Jan, 19 2011

Whoa. In what I’m sure is a very uncharacteristic PR blunder by someone sitting behind the YouTube account at Motorola, a question regarding Motorola’s newest phones and the possibility of a locked bootloader was fielded. The answer – while appreciated – was rather blunt and almost, well, rude. Here’s what they had to say on the matter:

@tdcrooks if you want to do custom roms, then buy elsewhere, we’ll continue with our strategy that is working thanks.

I have no problem with the bootloader issue – it’s their product, they can lock it down if they want. And while I’m not a “the customer is always right” type of person, this response just reeked of an inexperienced public relations representative. (Though this is social media, so we’ll cut them a bit of slack.)

And before you say it was taken out of context, this was the comment in question:

Even though this phone seems to have the best hardware specs yet, no sale if the bootloader is locked like the Motorola Milestone I have. It’s really upsetting to not be able to put custom roms on MY device…

Please Moto, do the right thing. [For your customers, that is]

And that same user later expressed his excitement for the Atrix, despite bootloader issues. It’s no surprise that Motorola’s original comment is now nowhere to be found.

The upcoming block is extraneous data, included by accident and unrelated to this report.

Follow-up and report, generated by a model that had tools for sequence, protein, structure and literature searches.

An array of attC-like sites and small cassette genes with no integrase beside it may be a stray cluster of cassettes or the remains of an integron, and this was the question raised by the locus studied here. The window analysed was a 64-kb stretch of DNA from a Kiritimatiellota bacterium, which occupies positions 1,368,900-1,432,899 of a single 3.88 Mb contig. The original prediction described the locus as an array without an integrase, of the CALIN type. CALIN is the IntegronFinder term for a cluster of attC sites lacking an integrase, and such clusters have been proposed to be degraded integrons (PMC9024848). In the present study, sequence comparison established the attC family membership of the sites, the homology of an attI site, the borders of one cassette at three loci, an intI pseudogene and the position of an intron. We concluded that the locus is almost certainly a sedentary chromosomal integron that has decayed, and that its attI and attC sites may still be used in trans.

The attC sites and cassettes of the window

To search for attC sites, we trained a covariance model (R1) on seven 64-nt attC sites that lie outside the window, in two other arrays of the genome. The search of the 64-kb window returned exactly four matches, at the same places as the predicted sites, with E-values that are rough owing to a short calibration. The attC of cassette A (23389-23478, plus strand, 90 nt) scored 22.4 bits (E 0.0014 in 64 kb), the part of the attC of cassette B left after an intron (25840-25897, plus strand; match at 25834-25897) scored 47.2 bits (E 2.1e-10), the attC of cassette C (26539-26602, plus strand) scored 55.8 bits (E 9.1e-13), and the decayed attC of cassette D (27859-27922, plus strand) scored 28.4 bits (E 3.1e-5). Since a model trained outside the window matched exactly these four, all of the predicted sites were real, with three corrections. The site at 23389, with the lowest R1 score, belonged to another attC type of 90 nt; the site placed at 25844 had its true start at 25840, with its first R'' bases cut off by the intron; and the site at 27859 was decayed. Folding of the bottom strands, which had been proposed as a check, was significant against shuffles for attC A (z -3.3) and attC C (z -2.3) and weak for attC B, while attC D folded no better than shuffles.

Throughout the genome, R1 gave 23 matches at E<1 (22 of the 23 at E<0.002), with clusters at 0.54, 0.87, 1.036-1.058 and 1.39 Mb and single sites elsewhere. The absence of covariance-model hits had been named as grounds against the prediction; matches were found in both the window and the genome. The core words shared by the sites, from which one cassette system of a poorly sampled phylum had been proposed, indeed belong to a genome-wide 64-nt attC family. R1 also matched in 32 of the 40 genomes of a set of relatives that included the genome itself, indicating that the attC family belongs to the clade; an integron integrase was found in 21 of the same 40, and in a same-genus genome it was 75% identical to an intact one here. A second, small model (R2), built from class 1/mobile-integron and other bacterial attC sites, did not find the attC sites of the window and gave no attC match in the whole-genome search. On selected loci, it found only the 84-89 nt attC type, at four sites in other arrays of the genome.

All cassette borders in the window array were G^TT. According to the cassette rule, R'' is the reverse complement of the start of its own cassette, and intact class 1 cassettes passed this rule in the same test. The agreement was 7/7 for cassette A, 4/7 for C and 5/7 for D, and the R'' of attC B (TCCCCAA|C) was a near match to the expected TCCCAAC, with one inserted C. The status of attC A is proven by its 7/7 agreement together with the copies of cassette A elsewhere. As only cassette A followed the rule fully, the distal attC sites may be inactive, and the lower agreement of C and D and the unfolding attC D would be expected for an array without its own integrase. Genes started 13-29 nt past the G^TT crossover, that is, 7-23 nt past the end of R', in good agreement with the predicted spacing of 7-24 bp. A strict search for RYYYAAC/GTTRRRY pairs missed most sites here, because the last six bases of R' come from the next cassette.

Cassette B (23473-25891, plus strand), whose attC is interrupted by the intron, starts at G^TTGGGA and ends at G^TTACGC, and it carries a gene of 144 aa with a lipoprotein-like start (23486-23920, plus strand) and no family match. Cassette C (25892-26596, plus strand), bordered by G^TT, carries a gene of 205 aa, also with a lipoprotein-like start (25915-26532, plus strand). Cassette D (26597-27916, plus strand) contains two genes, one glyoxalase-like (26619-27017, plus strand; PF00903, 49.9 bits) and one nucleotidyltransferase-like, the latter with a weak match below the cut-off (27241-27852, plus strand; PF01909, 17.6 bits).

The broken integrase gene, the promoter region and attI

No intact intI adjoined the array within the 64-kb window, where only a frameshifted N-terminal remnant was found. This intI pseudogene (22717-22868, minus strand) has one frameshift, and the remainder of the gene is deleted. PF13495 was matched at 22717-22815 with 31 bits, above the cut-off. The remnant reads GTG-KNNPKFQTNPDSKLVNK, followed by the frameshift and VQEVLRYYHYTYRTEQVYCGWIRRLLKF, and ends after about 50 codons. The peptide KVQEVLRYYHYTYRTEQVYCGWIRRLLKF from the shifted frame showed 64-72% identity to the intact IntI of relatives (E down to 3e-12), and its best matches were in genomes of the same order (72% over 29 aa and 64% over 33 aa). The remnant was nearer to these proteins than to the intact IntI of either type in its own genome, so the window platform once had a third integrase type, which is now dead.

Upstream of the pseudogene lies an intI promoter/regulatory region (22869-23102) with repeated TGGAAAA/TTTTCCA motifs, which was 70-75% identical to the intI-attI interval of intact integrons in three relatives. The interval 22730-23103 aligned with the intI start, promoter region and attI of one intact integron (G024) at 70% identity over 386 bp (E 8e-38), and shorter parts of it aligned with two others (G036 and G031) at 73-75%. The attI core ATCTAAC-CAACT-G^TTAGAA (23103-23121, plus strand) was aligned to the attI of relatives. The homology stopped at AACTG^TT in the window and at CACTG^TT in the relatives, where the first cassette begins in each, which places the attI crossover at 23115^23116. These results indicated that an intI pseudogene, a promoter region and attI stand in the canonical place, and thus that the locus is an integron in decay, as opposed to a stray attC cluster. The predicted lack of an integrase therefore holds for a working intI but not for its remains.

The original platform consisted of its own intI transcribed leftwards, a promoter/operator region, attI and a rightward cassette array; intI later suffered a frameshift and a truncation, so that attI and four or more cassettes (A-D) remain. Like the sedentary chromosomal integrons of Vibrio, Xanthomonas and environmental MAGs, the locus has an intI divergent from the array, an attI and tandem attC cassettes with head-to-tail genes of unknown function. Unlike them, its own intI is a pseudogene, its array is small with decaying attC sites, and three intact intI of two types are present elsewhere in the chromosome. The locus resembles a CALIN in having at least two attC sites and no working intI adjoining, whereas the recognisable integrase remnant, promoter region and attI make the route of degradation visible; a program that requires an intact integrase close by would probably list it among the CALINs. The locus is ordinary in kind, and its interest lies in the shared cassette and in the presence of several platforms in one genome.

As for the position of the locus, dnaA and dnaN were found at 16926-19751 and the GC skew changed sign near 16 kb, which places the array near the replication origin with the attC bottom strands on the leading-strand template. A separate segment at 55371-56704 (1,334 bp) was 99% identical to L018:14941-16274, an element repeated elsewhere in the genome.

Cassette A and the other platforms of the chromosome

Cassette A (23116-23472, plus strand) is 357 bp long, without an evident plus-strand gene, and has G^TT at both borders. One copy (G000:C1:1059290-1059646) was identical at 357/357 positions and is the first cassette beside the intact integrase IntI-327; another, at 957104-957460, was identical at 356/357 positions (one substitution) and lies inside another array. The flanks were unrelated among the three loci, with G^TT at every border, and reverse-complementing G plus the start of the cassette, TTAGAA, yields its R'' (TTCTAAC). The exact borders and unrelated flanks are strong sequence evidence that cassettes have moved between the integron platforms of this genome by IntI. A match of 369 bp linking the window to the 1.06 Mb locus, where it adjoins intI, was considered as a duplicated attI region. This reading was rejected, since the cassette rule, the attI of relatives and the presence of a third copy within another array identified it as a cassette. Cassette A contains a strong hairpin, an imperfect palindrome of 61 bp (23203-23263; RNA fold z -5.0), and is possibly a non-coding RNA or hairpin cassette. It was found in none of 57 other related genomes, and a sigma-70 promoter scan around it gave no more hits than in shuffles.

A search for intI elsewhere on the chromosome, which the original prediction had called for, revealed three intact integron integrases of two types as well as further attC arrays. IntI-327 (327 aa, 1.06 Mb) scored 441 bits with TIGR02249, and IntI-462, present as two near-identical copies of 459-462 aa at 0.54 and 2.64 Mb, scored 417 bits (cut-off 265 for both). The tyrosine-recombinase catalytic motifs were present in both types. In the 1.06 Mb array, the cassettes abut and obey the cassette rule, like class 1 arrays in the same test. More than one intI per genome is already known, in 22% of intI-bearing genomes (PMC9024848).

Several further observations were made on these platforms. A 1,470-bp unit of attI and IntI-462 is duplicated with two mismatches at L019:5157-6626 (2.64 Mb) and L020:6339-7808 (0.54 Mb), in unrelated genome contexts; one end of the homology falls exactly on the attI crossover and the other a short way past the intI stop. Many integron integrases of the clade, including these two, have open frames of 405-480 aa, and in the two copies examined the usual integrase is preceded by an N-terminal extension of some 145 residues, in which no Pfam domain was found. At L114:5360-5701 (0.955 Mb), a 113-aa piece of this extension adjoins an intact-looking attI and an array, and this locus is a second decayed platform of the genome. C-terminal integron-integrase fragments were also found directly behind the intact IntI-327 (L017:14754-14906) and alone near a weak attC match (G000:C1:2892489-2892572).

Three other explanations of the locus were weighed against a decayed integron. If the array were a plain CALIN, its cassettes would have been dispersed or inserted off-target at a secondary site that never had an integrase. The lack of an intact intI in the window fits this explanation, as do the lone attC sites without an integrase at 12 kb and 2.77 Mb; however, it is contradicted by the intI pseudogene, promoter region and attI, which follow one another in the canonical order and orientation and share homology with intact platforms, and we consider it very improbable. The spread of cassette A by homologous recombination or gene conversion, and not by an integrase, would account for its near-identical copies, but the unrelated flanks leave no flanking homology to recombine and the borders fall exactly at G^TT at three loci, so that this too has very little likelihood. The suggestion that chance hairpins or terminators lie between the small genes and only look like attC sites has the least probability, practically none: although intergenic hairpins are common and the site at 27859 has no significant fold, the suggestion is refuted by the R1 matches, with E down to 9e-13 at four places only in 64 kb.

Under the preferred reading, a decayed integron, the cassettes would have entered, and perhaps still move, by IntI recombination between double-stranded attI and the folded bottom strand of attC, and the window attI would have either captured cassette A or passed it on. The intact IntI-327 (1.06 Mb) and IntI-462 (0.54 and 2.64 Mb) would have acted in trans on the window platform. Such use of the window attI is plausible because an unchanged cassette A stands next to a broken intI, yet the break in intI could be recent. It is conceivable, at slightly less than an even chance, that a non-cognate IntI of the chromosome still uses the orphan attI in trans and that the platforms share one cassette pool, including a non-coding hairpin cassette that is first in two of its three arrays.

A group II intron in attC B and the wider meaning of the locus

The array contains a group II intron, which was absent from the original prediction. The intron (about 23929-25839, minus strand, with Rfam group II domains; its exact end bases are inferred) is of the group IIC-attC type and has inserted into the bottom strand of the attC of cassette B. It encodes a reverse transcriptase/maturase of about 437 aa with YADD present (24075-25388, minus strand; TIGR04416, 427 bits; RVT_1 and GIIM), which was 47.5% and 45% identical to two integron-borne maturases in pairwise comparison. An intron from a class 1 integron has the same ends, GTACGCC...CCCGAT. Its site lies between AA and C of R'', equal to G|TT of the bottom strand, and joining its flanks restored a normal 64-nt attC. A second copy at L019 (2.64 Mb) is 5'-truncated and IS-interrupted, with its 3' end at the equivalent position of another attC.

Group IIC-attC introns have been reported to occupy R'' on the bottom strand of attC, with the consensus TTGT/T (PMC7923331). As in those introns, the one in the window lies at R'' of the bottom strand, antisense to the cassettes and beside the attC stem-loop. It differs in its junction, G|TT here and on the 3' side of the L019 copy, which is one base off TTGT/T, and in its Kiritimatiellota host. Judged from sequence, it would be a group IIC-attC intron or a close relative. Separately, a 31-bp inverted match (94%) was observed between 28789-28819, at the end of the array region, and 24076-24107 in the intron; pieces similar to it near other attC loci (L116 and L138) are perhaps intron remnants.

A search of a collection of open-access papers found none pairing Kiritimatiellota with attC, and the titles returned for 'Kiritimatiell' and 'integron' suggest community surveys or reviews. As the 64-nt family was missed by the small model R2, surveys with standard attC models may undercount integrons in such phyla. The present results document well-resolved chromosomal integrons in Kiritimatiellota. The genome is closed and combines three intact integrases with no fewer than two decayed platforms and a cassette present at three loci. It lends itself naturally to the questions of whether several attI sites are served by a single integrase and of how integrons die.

But as far as that bootloader issue goes, I can’t imagine Motorola’s going to be losing much business over this. It was all doom and gloom for the DROID X and DROID 2 when those were released, wasn’t it? Wait, no, those devices are still actually quite popular.

The truth is, Motorola’s right: their strategy is working, and the minority who calls foul at Motorola’s resistance to opening their phones up will and should go elsewhere if they’re unhappy. Things aren’t going to change just because you want them to, so it’s best to expend that energy on doing research on a phone that you can hack to no end.

A majority of their customers won’t hear of this story, but Motorola is playing with fire regardless. They have amazing Android products – arguably the best in the market. But this was simply the worst way to handle a simple, sincere comment by someone who is a big fan of your stuff. Other social media representatives should take note, because whether you like it or not, you’re seen as the face of your companies to those who spend a lot of their time on the internet. [via Android Central]

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